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NATO Ministers Meet For Talks On Ukraine; Russian Troops Retreat Near Kharkiv; Ukrainians Destroy Pontoon Bridges At Key River Crossing; North Korea COVID-19 Wave; World Central Kitchen Distancing Food Across Ukraine; Israeli Police Beat Mourners Carrying Journalist's Casket; Some California Homes Still Under Evac Order; Eurovision Provides Ukraine With Chance To Raise Spirits. Aired 4-5a ET
Aired May 14, 2022 - 04:00 ET
THIS IS A RUSH TRANSCRIPT. THIS COPY MAY NOT BE IN ITS FINAL FORM AND MAY BE UPDATED.
KIM BRUNHUBER, CNN ANCHOR AND CORRESPONDENT (voice-over): Live from CNN live headquarters in Atlanta, welcome to all of you watching in the United States, Canada and around the world.
Just ahead, U.S. and NATO adjust how they train, based on Russia's war in Ukraine.
Plus, chaos erupts during a funeral. Israeli police clash with pallbearers for a slain Palestinian American journalist.
And Elon Musk sends Twitter stock into a frenzy after his latest announcement regarding his multi-billion takeover of the company.
UNIDENTIFIED MALE (voice-over): Live from CNN Center, this is CNN NEWSROOM, with Kim Brunhuber.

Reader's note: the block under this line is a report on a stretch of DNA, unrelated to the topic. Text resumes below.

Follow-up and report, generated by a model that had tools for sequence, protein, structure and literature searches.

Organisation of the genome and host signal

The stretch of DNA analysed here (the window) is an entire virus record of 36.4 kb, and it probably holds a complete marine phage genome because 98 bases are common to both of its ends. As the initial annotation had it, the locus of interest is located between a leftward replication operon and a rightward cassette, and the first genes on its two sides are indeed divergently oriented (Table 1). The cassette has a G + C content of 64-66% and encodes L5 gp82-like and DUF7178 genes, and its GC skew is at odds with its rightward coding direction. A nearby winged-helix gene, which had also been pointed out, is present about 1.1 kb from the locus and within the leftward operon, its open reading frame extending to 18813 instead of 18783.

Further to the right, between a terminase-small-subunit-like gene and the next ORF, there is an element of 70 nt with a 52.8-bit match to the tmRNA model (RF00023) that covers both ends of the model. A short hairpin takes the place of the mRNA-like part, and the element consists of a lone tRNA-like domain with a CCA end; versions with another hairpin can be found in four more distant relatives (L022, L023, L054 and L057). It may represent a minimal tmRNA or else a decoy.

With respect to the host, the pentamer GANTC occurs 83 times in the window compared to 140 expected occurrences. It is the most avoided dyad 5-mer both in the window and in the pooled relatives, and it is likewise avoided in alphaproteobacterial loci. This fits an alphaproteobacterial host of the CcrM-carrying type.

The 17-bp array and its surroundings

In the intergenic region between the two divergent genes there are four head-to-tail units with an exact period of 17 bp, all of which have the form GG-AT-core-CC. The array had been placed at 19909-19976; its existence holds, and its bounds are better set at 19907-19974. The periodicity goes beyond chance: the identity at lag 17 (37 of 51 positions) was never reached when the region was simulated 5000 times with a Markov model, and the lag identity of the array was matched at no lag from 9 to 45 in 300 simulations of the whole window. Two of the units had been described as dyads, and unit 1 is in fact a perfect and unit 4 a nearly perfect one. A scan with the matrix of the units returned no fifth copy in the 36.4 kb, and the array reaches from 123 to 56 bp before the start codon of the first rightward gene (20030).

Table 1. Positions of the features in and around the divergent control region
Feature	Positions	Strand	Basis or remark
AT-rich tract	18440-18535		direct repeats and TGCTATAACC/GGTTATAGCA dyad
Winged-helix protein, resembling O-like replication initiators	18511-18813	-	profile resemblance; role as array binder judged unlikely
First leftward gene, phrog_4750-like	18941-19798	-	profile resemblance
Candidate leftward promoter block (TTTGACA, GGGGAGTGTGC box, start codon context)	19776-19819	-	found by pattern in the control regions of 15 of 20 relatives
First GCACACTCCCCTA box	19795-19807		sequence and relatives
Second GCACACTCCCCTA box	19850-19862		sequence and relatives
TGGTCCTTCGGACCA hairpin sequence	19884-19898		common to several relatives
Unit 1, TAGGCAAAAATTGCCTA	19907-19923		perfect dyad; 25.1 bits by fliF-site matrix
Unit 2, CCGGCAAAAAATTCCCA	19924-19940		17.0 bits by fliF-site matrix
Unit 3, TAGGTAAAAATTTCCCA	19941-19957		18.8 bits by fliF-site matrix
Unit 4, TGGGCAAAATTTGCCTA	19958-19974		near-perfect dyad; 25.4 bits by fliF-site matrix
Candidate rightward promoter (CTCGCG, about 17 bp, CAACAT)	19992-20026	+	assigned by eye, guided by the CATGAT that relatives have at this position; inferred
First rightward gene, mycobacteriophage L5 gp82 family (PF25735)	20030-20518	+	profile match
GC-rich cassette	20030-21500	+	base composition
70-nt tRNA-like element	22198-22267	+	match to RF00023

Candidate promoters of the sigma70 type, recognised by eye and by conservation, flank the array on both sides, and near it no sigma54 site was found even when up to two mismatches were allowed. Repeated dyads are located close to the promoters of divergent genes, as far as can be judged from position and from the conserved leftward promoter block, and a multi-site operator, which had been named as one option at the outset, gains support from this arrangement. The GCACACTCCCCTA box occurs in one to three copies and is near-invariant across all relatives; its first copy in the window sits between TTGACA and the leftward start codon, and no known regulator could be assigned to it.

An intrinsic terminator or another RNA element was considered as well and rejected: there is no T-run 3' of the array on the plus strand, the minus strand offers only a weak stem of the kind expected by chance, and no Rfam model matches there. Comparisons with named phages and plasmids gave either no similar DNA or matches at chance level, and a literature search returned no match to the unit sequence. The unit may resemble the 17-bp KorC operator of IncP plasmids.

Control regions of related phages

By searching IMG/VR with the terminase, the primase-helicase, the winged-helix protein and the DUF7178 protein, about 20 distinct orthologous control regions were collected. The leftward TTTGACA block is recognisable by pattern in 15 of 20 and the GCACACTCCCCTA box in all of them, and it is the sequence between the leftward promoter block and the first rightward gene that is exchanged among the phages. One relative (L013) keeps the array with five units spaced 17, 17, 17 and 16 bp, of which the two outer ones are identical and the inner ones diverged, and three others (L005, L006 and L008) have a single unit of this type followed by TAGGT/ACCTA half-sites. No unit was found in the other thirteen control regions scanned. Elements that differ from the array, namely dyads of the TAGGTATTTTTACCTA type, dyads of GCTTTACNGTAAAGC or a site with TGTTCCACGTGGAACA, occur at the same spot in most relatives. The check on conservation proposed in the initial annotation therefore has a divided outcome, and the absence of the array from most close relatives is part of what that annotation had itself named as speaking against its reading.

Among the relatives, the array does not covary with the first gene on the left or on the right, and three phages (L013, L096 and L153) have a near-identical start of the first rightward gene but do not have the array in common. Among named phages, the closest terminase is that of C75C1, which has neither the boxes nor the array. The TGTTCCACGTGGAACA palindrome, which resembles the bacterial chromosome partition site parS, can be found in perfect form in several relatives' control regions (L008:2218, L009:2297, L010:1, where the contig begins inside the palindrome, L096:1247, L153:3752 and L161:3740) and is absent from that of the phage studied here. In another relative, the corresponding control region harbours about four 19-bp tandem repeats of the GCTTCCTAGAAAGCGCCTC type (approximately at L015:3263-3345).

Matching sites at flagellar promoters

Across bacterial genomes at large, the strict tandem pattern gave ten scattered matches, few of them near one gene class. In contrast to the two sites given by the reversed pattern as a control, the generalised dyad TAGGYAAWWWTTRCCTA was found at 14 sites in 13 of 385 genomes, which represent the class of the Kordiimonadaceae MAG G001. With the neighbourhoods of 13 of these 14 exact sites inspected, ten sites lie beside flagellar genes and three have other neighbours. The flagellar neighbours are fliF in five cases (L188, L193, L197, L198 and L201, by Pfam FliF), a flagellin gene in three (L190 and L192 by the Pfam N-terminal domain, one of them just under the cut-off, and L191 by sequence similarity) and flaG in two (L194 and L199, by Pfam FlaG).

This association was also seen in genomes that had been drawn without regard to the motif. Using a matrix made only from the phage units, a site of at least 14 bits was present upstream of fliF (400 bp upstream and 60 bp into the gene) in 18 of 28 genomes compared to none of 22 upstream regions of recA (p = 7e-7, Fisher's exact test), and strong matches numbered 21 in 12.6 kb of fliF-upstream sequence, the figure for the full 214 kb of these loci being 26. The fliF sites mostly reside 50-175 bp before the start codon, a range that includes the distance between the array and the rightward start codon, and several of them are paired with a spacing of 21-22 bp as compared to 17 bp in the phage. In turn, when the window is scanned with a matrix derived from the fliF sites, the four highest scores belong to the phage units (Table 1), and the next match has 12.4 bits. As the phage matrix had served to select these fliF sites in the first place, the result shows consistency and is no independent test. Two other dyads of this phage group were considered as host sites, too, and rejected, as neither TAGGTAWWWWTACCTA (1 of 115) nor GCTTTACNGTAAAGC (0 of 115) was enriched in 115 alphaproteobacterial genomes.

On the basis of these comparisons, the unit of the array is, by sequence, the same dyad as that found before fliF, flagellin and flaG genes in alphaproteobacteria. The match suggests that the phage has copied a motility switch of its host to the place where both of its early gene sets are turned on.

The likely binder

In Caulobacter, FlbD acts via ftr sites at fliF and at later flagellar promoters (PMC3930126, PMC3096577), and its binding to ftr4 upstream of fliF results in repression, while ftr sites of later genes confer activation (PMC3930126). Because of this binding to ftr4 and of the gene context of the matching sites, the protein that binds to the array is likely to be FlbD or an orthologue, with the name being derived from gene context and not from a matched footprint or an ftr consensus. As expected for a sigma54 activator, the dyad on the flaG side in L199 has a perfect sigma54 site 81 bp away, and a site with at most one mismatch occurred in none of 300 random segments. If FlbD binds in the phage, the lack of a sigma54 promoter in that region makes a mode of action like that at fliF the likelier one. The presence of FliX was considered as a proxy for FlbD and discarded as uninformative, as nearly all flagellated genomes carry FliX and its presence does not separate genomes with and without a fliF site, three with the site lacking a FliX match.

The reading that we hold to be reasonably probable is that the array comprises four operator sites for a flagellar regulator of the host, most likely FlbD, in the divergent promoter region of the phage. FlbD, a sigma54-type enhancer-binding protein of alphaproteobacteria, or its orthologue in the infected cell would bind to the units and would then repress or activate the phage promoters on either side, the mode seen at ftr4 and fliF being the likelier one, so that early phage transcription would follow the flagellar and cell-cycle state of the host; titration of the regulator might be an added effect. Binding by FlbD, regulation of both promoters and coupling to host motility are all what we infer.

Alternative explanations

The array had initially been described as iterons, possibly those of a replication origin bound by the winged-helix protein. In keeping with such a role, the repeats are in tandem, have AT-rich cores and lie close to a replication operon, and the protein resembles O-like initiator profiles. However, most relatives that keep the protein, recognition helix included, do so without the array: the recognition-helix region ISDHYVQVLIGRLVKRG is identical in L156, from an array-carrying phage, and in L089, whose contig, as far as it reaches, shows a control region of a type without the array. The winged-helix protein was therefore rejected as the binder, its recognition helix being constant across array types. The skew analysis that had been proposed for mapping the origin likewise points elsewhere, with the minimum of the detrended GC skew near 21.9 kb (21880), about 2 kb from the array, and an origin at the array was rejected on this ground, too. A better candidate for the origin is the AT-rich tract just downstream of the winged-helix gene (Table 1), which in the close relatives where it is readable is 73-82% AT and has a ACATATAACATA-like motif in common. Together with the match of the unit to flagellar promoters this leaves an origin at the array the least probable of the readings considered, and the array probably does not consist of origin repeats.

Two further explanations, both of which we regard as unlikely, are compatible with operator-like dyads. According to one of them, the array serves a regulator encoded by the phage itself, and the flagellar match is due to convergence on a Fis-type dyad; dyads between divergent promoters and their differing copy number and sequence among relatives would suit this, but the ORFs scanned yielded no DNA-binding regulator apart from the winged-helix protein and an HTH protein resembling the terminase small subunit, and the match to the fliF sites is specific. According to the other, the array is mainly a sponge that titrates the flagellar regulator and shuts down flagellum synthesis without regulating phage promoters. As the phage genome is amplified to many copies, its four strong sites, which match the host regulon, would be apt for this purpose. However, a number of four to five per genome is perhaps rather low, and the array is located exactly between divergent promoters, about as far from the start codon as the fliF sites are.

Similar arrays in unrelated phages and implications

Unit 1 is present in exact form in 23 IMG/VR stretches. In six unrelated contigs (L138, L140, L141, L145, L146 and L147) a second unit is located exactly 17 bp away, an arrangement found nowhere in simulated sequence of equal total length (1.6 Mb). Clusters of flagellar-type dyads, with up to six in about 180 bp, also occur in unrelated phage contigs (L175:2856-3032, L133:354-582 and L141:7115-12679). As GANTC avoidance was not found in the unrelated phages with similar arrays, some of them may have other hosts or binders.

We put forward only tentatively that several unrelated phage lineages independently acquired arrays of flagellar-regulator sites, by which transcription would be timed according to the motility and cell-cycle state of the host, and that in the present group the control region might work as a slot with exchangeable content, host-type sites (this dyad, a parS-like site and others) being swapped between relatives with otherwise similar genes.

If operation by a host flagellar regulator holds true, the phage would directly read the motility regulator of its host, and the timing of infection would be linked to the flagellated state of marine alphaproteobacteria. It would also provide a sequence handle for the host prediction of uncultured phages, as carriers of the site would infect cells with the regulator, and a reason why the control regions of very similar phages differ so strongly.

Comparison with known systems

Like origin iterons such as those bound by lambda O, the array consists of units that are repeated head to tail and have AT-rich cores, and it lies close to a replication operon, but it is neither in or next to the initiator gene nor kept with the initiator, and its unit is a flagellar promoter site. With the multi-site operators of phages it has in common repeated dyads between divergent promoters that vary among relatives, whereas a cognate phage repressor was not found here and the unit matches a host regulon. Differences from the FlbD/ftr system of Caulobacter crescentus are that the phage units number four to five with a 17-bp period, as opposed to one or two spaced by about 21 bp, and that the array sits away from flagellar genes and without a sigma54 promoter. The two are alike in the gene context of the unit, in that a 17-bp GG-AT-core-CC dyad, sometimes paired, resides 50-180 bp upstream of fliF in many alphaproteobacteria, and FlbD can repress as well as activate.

BRUNHUBER: Ukrainian president Volodymyr Zelenskyy says more than a thousand towns and villages have been retaken from the Russian forces and that the Russian military are paying a heavy price for their aggression.
(BEGIN VIDEO CLIP)
VOLODYMYR ZELENSKYY, PRESIDENT OF UKRAINE (through translator): Today, we can report on 200 downed Russian military aircraft. Russia has not lost so many aircraft in any war in decades and Russia has lost almost 27,000 soldiers.
(END VIDEO CLIP)
BRUNHUBER: Ukraine also says Russian troops continue to retreat from around the city of Kharkiv in the north.
Further south, Ukraine claim it successfully blocked a Russian advance at a key river in the Donbas. Ukraine says destroyed 70 armed vehicles, including tanks in multiple failed attempts to cross the Donetsk River. About 30 tanks were left stranded after making the crossing.